History of the Tuidang Movement

Updated last: December 09, 2013

A milestone has been reached in China, but not the kind the Chinese Communist Party is celebrating.

In the past nine years, a peaceful movement has been steadily growing—a movement that encourages Chinese people to renounce all affiliations with the Communist Party. This month, that movement reached the momentous milestone of 150 million participants.

Yi Rong, the Chairperson of the Tuidang Center in New York said, “It means a lot for China’s present and future, as well as for China’s transition toward a future free from the terror imposed by the Communist Party.”

Known as “Tuidang” in Chinese, the movement for Chinese to withdraw from the Party began in late 2004, following the publication of the Nine Commentaries on the Communist Party by The Epoch Times.

The Nine Commentaries is an editorial series which details the CCP’s history, human rights record, and episodes of terror such as the Cultural Revolution, the Great Leap Forward, the Tiananmen Square Massacre, and the persecution of the spiritual practice Falun Gong—topics that are either ignored or misreported under the CCP’s unceasing regime of censorship and propaganda.

The editorial, which was spread to mainland China via fax, e-mail, and mail, led to an overwhelming amount of letters to the Chinese edition of The Epoch Times from readers who wanted to renounce their ties to the CCP and its affiliated organizations, such as the Youth League and the Young Pioneers.

It is estimated that over 700 million Chinese people have been affiliated with at least one of these three groups.

Renunciations come from people of all social strata in Chinese society, from the top, such as military personnel and government officials, all the way to the lower strata, such as villagers and students.

A resident of China’s northeastern province of Liaoning, Li Yumei renounced affiliations with the Youth League and Young Pioneers on Aug 4, 2011.

“After reading the Nine Commentaries on the Communist Party, I seemed to have woken up from an illusion,” Li said in her statement. “During the six decades of its rule, [the CCP] has always seen the people as slaves who could be used at any time and in any way. It has used sly words to lure us in our childhood into joining the Party’s affiliated organizations such as the Youth League and the Young Pioneers—something I have the utmost regret for.”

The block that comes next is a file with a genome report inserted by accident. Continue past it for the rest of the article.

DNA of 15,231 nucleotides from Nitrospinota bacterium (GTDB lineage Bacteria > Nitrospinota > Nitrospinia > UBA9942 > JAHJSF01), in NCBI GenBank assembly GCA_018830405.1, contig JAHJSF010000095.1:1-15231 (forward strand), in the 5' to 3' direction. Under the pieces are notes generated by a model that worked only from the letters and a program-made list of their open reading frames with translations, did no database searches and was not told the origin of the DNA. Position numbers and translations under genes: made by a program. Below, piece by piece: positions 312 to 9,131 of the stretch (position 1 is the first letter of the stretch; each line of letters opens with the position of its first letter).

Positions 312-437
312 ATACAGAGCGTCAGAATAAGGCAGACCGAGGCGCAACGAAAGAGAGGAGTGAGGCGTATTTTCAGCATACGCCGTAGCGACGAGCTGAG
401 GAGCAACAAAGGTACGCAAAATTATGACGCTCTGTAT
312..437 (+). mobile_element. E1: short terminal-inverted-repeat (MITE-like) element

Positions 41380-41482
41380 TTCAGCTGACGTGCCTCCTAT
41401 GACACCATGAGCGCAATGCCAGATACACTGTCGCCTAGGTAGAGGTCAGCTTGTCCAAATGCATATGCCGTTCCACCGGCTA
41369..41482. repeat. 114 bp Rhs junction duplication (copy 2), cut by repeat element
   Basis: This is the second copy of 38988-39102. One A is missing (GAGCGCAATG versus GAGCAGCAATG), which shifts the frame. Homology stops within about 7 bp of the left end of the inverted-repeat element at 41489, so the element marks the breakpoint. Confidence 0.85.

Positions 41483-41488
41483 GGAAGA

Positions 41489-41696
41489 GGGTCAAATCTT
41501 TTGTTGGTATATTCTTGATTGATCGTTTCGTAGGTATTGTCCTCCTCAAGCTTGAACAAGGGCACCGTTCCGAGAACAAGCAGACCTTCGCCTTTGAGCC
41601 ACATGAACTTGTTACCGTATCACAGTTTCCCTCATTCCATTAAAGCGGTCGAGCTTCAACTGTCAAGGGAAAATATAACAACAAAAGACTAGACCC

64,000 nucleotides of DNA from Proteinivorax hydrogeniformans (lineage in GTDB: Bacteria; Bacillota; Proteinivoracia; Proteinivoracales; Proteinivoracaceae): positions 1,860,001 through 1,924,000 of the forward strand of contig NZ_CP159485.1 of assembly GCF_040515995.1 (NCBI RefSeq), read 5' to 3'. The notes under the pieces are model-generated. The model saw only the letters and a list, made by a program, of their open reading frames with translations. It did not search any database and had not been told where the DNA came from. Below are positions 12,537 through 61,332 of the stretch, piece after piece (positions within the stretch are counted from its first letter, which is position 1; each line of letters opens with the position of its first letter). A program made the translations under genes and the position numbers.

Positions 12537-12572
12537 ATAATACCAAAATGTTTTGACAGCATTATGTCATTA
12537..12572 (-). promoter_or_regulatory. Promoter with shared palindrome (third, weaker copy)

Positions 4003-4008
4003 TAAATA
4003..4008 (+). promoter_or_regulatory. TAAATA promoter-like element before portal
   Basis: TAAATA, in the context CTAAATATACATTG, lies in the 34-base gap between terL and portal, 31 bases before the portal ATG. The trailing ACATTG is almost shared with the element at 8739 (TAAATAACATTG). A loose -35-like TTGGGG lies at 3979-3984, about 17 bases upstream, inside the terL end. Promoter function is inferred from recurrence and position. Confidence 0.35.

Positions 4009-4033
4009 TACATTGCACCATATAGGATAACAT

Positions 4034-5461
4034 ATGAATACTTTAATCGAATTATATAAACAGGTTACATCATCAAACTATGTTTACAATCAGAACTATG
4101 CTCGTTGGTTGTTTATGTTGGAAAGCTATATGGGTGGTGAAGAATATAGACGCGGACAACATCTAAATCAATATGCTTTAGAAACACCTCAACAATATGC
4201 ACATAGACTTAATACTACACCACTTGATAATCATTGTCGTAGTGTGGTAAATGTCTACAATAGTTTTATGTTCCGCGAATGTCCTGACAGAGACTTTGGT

“To cut ties with the evil Party’s lies, brainwashing, and mental control, and for the name of freedom and democracy, for the people who want to be able to make their own decisions, I would like to solemnly renounce from its Youth League and Young Pioneers.”

Li Dayong, Executive Director of the Tuidang Center, said that the statements are part of a “war between good and evil.”

The U.S. Senate took a leading step in recognizing the Tuidang Movement by introducing a bipartisan resolution in July, 2011. Li said that the resolution represents the international community’s recognition of Tuidang.

While the Tuidang Movement implicitly supports regime change in China, it does not come with replacement political prescriptions, and is understood by both its activists and participants as a spiritual and ethical awakening rather than a political revolution.

The movement does not advocate the overthrow of the Chinese Communist Party, but calls for Chinese to make a mental separation between China’s future and the CCP. Chinese who reject the lies and violence inherent in CCP rule are often willing to help spread the word about the movement even in the face of danger imposed by the regime.

Yi said, “I think in the near future, China will see a very big social change that is supported by all the good people in the world.”